Money Laundering Is A Growth Industry

Consumerist’s Guide to the New Money Sanitization Industry

The New York Times recently provided details about how foreign banks send their clients’ funds to American banks for money laundering: “The list of global banks… accused…of laundering foreign transactions totaling billions of dollars has been growing—Credit Suisse, Lloyds, Barclays, ING, HSBC—and now Standard Chartered.”*

Is this the banking idea of a new American growth industry? Might be: It is insourced, not outsourced, onshore not offshore. Calling it “money laundering” might soil the image. Let’s call it the Money Sanitization Industry to spruce it up. The banks listed above come to the USA for the best money processing in the world. The money sanitization market is huge, especially (as the NY Times noted) from organized crime, terrorist groups and drug cartels. Iran, North Korea and Cuba need money sanitization services. Legitimate corporations move money for tax sheltering and privacy purposes. Our banks are good at this stuff.

To better understand professional money sanitization, consider the arts of stripping and making U-Turns as practiced by bankers:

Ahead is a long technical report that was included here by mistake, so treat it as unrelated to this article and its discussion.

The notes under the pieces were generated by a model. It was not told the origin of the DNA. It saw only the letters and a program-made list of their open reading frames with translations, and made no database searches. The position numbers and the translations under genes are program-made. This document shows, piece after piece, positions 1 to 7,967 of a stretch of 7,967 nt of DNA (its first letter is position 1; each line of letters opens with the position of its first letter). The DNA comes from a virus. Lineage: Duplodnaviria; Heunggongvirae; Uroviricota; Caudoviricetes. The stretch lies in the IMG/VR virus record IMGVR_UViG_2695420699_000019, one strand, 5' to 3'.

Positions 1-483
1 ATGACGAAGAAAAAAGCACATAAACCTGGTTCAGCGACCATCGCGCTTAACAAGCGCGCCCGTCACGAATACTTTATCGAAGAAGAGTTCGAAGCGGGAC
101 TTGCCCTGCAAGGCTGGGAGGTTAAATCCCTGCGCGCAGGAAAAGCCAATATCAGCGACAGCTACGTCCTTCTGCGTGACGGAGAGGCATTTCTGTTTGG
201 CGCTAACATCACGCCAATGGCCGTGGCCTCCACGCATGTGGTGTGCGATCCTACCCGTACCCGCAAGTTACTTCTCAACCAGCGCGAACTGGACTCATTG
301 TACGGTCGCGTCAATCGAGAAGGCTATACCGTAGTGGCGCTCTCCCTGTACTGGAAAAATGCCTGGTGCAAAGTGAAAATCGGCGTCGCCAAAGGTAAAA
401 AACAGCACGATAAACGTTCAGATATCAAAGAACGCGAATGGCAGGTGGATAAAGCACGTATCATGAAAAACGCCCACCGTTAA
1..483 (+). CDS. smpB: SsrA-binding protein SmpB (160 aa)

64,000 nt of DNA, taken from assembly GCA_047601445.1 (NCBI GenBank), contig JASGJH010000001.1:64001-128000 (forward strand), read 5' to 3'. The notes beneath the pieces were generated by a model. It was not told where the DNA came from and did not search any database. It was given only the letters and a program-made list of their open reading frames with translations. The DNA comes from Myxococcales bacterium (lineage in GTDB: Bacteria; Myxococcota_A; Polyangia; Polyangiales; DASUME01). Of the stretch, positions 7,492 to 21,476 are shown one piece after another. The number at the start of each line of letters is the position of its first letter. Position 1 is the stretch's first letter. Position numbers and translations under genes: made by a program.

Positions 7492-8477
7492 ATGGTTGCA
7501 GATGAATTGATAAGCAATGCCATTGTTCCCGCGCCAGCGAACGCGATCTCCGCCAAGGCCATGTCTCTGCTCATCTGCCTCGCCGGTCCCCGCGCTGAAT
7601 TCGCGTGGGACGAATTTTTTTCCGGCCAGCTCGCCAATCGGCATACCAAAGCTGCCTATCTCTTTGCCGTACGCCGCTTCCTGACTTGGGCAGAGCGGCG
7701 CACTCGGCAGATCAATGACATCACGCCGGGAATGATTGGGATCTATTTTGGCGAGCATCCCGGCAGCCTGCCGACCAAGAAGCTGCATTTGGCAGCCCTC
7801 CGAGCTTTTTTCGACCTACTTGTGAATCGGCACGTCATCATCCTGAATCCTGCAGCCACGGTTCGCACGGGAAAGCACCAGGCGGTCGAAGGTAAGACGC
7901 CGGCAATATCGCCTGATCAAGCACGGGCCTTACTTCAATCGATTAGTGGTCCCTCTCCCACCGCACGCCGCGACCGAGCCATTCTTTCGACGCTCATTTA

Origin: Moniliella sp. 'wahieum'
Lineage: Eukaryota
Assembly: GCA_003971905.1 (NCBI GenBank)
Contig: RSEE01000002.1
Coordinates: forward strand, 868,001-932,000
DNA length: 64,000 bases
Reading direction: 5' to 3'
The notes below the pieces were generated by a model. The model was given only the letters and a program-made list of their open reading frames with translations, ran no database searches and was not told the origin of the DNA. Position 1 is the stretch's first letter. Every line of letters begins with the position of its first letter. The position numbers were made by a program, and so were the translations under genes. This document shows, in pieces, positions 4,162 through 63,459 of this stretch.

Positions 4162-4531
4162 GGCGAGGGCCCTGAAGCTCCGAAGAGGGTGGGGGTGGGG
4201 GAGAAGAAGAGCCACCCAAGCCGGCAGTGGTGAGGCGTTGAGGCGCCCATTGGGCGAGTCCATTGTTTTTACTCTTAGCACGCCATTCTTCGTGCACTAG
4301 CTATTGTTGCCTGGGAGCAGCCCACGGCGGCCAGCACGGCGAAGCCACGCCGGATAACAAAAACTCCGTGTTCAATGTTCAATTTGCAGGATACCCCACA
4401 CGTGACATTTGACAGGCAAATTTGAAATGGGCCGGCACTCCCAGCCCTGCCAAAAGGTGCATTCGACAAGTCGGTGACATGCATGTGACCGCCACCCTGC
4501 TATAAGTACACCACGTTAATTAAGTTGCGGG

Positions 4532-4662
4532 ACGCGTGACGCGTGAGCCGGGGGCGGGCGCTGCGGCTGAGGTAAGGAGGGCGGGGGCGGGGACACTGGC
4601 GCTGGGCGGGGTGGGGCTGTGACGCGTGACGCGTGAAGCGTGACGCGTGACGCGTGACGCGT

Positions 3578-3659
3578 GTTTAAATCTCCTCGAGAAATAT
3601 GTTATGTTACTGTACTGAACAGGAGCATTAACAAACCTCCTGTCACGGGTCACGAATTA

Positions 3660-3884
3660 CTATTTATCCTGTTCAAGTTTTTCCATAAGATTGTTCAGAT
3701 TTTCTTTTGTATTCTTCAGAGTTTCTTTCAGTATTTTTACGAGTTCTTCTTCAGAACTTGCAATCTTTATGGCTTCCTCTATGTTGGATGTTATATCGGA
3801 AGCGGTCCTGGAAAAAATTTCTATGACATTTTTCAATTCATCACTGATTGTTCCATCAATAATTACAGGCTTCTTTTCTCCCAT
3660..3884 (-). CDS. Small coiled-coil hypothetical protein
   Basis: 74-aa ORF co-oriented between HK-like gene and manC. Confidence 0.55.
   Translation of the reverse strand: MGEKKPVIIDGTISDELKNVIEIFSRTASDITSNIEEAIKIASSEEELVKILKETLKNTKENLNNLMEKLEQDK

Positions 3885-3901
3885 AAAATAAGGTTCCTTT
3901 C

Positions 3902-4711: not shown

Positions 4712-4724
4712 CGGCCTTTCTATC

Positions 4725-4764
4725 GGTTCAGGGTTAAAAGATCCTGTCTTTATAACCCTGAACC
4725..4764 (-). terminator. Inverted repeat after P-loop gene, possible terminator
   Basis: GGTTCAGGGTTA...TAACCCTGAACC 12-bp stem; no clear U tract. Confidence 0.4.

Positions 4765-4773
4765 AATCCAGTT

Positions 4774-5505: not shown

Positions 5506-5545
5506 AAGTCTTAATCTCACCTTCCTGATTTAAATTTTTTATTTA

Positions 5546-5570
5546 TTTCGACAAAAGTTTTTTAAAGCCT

Stripping:  Removal of data after transfer of funds from one financial institution to another…to conceal the transaction’s origins in future transfers. Stripping originated with Lloyds of London.**

U-Turn: Money sent by foreign banks to American banks for “processing” to obscure the origin of the funds and their eventual destination which is the bank that sent it. Bankers, ever creative, call it a U-Turn.

When our onshore bankers work with those offshore bankers, sanitation hides contamination.

Next blog post: A look at how bankers avoid jail time.  


*From A Lax Banking Law Obscured Money Flow, by Jessica Silver-Greenberg and Edward Hyatt, New York Times Business Day, Aug 9, 2012, page B1.

**From The Corp-Speak Glossary in my The Consumerist Manifesto Handbook, Sterling Publishers, page 189.


Tags: , , , , , , , , ,

Comments are closed.